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Beyond bullying

December 22, 2011

By June Lombardi

The snow has melted from the late October storm, and I sit here as the beautiful sun shines through my window. I have been asked to be a Visioning column writer for the month of December. A timely request indeed, as there are many subjects on my mind. As we entered the holiday season I gave thought to writing something that would acknowledge the difficulties many people are facing during these challenging times. I wanted to be able to find the words to bring hope to all. I wrote and rewrote, but it just didn’t seem that I could pull together what my heart would like to say in the allotted space.

Then last week, my focus became clear. I attended a lecture by Werner Reich, a Holocaust survivor. He travels and speaks about his experiences. There was no need for a podium on which to place his notes, for his journey is forever embedded in his mind.

Reich spoke factually, passionately and without a tone of hatred in his voice. His topic was bullying, a topic that has been popping up not only nationally but locally, with regard to our own schools. School districts are writing policies and enforcing them. Well-known authors are doing local presentations on this subject for educators, parents and students. Meeting and besting the challenge of bullying can help transform our way of being with each other.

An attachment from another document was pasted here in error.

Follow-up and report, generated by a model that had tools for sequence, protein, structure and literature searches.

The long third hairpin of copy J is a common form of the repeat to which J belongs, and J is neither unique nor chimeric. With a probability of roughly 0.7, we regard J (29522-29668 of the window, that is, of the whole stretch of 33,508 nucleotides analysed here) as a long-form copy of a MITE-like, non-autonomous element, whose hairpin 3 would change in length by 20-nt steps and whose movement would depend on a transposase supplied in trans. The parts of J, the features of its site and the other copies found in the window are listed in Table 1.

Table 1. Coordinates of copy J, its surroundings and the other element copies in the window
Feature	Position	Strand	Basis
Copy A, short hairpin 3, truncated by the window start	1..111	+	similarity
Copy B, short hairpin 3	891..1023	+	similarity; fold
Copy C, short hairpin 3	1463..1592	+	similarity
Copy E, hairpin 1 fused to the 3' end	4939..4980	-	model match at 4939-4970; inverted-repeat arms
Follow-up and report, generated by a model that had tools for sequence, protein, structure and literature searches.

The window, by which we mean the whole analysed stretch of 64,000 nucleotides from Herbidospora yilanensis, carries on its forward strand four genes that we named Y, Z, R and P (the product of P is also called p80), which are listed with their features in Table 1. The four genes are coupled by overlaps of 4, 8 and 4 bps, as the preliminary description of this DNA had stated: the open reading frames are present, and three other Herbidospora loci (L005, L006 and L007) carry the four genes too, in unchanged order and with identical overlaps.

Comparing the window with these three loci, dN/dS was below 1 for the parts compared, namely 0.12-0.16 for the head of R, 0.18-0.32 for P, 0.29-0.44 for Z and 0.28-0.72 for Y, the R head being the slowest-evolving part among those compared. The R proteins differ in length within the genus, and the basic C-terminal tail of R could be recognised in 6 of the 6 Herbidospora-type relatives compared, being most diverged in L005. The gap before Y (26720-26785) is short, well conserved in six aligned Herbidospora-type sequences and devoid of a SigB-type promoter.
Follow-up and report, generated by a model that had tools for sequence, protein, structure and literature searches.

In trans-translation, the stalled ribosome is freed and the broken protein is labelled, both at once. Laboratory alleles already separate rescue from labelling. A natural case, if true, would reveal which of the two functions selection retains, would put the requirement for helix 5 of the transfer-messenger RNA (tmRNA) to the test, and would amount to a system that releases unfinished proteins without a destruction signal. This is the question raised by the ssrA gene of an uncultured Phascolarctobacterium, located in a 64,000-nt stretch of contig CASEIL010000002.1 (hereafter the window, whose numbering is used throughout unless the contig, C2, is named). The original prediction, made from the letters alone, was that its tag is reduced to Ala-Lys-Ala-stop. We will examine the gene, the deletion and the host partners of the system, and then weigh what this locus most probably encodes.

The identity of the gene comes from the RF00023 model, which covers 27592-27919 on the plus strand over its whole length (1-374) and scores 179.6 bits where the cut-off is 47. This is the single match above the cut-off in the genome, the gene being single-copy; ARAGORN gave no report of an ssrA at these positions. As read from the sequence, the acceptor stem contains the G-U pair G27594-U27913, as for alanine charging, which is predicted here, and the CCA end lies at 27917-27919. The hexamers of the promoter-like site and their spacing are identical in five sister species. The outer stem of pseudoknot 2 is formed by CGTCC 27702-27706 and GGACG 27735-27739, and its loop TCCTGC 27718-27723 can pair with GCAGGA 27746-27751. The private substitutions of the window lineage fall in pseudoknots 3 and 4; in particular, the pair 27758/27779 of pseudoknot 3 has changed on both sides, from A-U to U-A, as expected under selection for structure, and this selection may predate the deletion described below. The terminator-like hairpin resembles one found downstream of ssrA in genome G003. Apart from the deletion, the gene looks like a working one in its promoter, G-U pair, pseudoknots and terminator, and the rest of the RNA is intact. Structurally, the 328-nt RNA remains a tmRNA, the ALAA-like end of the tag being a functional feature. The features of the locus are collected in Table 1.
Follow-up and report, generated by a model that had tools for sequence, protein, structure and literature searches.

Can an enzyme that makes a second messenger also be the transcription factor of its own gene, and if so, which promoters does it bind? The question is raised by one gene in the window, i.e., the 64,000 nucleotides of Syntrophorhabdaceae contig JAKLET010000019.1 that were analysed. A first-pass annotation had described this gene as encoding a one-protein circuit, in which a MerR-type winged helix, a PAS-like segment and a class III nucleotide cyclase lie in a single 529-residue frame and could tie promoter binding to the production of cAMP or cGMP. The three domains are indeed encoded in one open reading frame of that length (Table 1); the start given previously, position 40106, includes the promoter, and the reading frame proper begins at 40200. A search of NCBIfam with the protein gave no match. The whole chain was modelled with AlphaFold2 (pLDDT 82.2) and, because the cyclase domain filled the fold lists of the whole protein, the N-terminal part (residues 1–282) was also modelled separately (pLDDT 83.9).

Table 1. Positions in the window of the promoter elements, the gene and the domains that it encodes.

Certainly we’ve all known a bully at some point in our life. I don’t know for sure whether I ever realized to what degree a bully could cause harm. I also know that there were some mean things I have witnessed that I never thought to label as bullying. They were just simply mean.

As Reich spoke, he reminded the audience that no one was safe during the Holocaust. Regardless of your color, religion, sexual orientation, age, disability, level of education or nationality you were at risk. He spoke about those who inflicted harm on innocent people. As each photograph in his Powerpoint presentation was discussed, he would often say, “And the good people did nothing.”

We see a great deal of this on a regular basis. Good people turning the other way when a crime is being committed. Good people turning away when a starving or injured animal crosses their path. Good people turning away when someone has a medical emergency; the list goes on. I believe that good people may not realize that they have the power to make a difference, or they are paralyzed by fears, whether rational or not.